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Keywords:

  • benign prostatic hyperplasia;
  • cost-effectiveness;
  • Markov model;
  • tamsulosin;
  • dutasteride;
  • Combodart;
  • UK

What's known on the subject? and What does the study add?

  • UK clinical guidelines for treating male patients with moderate to severe LUTS associated with BPH recommend treatment with an alpha-blocker (such as tamsulosin) in cases where conservative management options have not been successful or are not appropriate. An alpha-blocker plus 5-alpha-reductase inhibitor (such as dutasteride) is recommended for those patients with moderate to severe symptoms and prostate volume >30 mL.
  • The present study evaluates the cost-effectiveness of a new, single-dose combination of tamsulosin and dutasteride (Combodart®) from the perspective of the UK National Health Service. The results show that the combination therapy has a high probability of being cost-effective compared with either monotherapy, and compared with the two therapies taken separately. The probability of the combination therapy being cost-effective at an incremental cost-effectiveness ratio threshold in the range £25 000–£30 000 per quality-adjusted life year is 78–88%.

Objective

  • To estimate the long-term cost-effectiveness of single-dose dutasteride/tamsulosin combination therapy as a first-line treatment for benign prostatic hyperplasia (BPH) from the perspective of the UK National Health Service (NHS).

Methods

  • A Markov state transition model was developed to estimate healthcare costs and patient outcomes, measured by quality-adjusted life years (QALYs), for patients aged ≥50 years with diagnosed BPH and moderate to severe symptoms.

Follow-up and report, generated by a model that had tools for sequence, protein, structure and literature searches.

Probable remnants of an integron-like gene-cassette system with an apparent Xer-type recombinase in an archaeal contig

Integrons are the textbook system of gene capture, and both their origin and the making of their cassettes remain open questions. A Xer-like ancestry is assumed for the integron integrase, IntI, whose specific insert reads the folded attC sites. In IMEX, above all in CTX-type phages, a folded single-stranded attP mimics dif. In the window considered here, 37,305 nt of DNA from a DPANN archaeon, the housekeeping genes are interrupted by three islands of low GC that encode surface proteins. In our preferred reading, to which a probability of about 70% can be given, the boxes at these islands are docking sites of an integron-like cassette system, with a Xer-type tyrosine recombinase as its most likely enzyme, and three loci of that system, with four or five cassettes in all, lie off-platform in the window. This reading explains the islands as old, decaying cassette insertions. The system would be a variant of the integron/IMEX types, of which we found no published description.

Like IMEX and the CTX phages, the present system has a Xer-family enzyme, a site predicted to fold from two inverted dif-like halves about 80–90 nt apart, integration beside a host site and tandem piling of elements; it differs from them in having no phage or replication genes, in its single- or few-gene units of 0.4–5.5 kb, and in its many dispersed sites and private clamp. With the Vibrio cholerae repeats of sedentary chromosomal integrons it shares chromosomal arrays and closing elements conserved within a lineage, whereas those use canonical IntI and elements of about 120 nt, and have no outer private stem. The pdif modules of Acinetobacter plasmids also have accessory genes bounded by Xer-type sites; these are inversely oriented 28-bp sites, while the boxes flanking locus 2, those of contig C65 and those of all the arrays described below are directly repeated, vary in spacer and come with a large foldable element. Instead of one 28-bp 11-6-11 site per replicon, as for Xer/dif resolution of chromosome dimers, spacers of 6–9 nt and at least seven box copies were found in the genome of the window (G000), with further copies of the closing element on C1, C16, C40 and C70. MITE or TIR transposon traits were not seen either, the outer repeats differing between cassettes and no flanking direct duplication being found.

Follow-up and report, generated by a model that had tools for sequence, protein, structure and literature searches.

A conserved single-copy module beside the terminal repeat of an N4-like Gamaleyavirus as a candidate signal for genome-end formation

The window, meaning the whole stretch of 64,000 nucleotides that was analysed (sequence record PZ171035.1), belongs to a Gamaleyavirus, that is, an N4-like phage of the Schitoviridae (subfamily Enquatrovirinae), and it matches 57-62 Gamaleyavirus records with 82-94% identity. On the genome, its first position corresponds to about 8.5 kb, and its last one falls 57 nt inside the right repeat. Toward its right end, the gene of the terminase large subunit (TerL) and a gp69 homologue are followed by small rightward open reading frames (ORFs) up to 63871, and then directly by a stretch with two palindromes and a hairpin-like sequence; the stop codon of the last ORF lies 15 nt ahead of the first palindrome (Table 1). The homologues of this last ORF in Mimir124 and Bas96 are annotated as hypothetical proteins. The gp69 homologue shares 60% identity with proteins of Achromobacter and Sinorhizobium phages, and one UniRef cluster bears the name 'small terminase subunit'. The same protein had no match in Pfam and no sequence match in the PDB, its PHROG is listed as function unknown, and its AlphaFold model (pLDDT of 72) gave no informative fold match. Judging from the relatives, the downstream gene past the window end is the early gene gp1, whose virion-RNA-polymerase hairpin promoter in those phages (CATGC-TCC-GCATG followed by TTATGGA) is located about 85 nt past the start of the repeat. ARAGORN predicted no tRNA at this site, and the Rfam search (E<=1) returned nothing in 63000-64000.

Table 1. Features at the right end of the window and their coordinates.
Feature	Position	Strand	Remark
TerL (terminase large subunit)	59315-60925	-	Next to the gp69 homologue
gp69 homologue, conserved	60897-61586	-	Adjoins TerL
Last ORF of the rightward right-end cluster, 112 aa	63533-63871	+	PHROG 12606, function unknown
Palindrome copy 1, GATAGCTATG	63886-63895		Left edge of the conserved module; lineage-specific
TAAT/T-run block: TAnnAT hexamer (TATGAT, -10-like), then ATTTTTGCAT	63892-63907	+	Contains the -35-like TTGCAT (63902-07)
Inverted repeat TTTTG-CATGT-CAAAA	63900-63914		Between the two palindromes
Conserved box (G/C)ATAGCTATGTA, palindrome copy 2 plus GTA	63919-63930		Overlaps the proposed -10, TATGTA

• Costs and outcomes were estimated for two treatment comparators: oral, daily, single-dose combination therapy (dutasteride 0.5 mg + tamsulosin 0.4 mg), and oral daily tamsulosin (0.4 mg) over a period up to 25 years.
  • The efficacy of comparators was taken from results of the Combination of Avodart and Tamsulosin (CombAT) trial.

Results

  • Cumulative discounted costs per patient were higher with combination therapy than with tamsulosin, but QALYs were also higher.
  • After 25 years, the incremental cost-effectiveness ratio for combination therapy was £12 219, well within the threshold range (£20 000–£30 000 per QALY) typically applied in the NHS.
  • Probabilistic sensitivity analysis showed that the probability of combination therapy being cost-effective given the threshold range is between 78% and 88%.

Conclusion

  • Single-dose combination dutasteride/tamsulosin therapy has a high probability of being cost-effective in comparison to tamsulosin monotherapy in the UK‘s NHS.